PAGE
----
Glenn Zottola: That was so funny. The deal with the Guests, that any Celebrity that came on, was whatever they wanted to do, they could. A lot of maybe Academy Award Actresses, people would be surprised, that they can sing. I was at a party with John Travolta. I was telling him that I wanted to do this Stan Getz project. He started singing these Jobim tunes… and I found out he’s a real Pro. He can do Sinatra stuff, and everything. When I think of John, I think about ‘ Grease’. The same thing with Kenny Rogers. He came on, and he picked up the Bass, he started swinging his butt off, and I’m looking at him, and I can’t believe it. I went up to him afterwards, I said, Kenny, listen… I’m so sorry, I’ve got to be honest with you; I’m not a big fan of Country Music, but you sound great! He said, “No, I started off in a group, singing and playing bass in a group that was like the Hi-Lo’s .” So, he had a lot of Jazz in him. Also Actor, Hector Elizondo came on, we did James Moody’s ” Moody’s Mood For Love.” It was Hector, Suzanne and Myself, and he sounded like a Be-Bopper. I said, Hey Hector? He said, “I’m from New York…Birdland!” He’s like a Jazz Be-Bopper. So I learned a lot about everybody, you know.

OL: Wow, that’s great! With the best of the best in the TV Band, including yourself, Glenn; how much does musical spontaneity play into a TV Show, like that of the Suzanne Somers Show?

Glenn Zottola: Well for me, it was total spontaneity. I ran that thing like a Jazz gig. One day I come into the Studio, and they’re tearing out pages and pages of sheets, on the script. Something was wrong, and the Director was frantic. He was a good Director. He did all of Dick Clark’s Shows. He said, “We had just lost one-third of our script. How are we going to do this? You’re going to have to write all new music.” I said, what do you mean, write all new music? Listen, just tell me, give me a color, give me a mood, give me whatever you feel, in my headphones, 30 seconds before the commercial break, and I’ll give you what you want. I did the whole show, without a script, and he was in shock. He said, “I’ve never been with anybody in Television, who could do that.” I said, Barry, I’m a Jazz Musician. So, what I brought to TV, I don’t think anybody before me, or after me, has done that. I ran it like a Jazz gig. Sometimes the Bass Player would tap me on the shoulders and say, “Hey Glenn, it’s like 15 seconds before back on, do you know what we’re playing?” I said, give me 5 more seconds, let me think about! (laughing). I would never be there, if it wasn’t for Suzanne, I’m not a TV guy, you know. Let me tell you how it worked. That show, I’m bragging now, down time on the show at that time, was $50,000 an hour. Since you’re down, because someone made a technical mistake and you’re down for a half an hour, it costs the network $25 grand. Nobody likes that. I didn’t have one minute of down-time, because of any mistake I ever made. They were never down, because of me.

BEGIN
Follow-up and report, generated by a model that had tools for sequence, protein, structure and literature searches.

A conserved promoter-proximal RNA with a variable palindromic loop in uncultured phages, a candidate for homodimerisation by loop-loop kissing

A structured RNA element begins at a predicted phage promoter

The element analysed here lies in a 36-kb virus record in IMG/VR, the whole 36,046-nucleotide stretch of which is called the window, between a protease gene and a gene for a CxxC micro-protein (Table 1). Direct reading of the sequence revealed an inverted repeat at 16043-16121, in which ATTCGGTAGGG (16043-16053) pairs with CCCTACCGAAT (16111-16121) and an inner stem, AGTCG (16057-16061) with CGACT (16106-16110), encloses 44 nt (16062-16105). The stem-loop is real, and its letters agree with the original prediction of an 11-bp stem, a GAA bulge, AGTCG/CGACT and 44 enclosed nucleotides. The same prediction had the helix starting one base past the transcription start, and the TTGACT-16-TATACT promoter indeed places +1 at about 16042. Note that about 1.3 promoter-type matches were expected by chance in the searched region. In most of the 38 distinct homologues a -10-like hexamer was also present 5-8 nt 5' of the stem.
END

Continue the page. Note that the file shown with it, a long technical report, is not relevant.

OL: We love that, Glenn! Those were good times, indeed… and with more to come, with the two TV Stars Tisha Campbell-Martin and Tichina Arnold, most notably then of the famed “Martin” TV Sitcom Show. They were set to appear on the Suzanne Somers TV Show, as their show also filmed next door, at Universal Studios, in California as well?

Glenn Zottola: The ‘Martin’ Show was taping right next to us. Suzanne said that, “We’re going to have Tachina and Tisha on, and can you go over there, and find out what they want to do?” I must have spent, a maximum, maybe 30 minutes with them, and we were laughing, having a ball.

OL: On the Suzanne Somers TV Show, Tisha and Tichina did a knock-out duet cover of Chaka Khan’s “Sweet Thing.” You were in on it, Glenn, from the onset, when You were assisting them on the arrangement, as prep, in their dressing room… how did that come about?

Glenn Zottola: I brought a little tiny tape recorder. I said, what do you want to do? They were singing that Chaka Khan & Rufus, Mary J. Blige tune, “Sweet Thing”… and I spent maybe 20 minutes with them, went back to the show, worked up an arrangement for them, and that’s what you see. They’re very good, aren’t they?

OL: It looks like they’ve been singing together, forever. They are very good! It came through on the stage.

Glenn Zottola: They were very tight. They were like two Sisters. I loved working with them. They were a ball!